Rocky, a tiny owl that was found on the Rockefeller tree, returns to the wild
Rocky the stowaway owl is back in the wild.
The tiny Saw-whet owl was named Rockefeller after it was found by a worker setting up the holiday tree Nov. 16 at Manhattan’s Rockefeller Center. The owl was apparently trapped in the 75-foot-tall Norway spruce when it was cut down 170 miles north, in upstate New York, on Nov. 12.
The female owl, initially thought to be male, was uninjured but hadn’t eaten for at least three days when she was discovered and sent to Ravensbeard Wildlife Center in the Hudson Valley town of Saugerties. There, a rehabilitator nursed her back to health for a week with plenty of mice before Rocky was cleared to continue her migratory journey south.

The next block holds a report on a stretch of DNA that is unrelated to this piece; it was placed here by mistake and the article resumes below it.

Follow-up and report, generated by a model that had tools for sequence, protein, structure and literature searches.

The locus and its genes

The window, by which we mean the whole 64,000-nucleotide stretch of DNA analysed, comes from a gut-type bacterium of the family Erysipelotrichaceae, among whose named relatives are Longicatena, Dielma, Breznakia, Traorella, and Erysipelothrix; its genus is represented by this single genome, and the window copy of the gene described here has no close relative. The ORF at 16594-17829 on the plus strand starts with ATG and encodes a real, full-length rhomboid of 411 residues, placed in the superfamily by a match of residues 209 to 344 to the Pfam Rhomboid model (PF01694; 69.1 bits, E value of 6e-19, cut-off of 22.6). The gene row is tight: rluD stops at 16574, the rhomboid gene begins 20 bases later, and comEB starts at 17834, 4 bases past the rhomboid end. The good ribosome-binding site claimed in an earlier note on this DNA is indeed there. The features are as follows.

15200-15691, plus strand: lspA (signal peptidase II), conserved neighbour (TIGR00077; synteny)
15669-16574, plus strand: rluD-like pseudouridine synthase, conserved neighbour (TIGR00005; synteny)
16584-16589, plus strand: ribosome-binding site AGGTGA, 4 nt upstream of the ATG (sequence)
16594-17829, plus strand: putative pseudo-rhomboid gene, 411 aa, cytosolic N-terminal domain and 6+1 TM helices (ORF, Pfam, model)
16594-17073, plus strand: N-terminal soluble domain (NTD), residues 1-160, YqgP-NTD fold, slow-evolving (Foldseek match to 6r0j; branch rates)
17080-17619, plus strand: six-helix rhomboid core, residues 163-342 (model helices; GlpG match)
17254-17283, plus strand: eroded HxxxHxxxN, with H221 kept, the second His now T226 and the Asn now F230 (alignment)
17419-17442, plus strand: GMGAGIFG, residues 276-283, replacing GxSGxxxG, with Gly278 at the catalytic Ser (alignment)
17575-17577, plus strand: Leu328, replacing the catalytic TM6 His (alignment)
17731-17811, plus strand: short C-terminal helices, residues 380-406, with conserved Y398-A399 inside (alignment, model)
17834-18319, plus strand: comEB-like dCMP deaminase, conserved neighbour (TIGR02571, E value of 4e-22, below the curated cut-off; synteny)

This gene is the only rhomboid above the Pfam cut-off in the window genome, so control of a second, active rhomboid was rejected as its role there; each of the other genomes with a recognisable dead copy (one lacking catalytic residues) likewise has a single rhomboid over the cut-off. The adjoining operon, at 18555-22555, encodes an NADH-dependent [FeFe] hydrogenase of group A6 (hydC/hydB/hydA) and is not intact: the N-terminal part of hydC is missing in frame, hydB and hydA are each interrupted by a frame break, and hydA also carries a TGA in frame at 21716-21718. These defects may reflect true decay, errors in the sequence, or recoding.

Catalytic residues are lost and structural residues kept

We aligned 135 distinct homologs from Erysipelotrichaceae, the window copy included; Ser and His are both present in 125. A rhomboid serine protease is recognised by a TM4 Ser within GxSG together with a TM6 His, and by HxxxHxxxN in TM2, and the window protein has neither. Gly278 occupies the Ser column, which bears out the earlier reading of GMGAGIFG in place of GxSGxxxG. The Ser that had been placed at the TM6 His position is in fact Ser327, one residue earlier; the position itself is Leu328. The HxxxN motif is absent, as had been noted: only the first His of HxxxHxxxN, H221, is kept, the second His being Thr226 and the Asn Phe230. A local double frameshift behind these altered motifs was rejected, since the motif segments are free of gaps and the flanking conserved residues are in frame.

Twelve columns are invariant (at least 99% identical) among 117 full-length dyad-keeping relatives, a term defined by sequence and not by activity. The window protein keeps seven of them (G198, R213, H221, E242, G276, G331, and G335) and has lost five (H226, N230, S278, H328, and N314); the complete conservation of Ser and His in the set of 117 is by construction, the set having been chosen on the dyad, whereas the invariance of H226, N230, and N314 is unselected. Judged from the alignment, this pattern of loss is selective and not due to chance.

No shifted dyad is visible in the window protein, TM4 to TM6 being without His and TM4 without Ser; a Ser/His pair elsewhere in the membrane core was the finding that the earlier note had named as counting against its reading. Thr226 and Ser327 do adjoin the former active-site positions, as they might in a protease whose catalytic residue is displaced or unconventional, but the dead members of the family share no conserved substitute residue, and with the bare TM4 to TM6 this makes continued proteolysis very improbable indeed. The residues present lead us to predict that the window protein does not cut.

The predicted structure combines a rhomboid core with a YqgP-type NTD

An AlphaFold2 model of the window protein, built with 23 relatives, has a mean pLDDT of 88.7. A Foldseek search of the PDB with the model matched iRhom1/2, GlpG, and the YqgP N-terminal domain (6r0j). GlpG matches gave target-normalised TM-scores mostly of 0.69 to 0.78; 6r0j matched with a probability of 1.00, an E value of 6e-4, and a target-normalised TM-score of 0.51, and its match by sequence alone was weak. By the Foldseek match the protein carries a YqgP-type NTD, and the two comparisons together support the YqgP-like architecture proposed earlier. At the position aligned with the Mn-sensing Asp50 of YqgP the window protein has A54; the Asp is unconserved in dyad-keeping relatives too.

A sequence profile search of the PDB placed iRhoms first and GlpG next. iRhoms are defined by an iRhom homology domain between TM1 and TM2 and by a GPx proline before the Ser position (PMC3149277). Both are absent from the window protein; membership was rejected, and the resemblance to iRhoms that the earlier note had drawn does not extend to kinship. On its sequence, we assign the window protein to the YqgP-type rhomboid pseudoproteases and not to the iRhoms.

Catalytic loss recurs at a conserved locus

On Tuesday evening, rehabilitator Ellen Kalish held the winsome raptor aloft in a field against a backdrop of rounded mountains. In a video posted on Ravensbeard’s Facebook page, Rocky sits quietly on Kalish’s fingers before winging her way over to a nearby grove of pines.
“She is a tough little bird, and we’re happy to see her back in her natural habitat,” the center wrote on Facebook. “We are sure that Rocky will feel your love and support through her journey south.”
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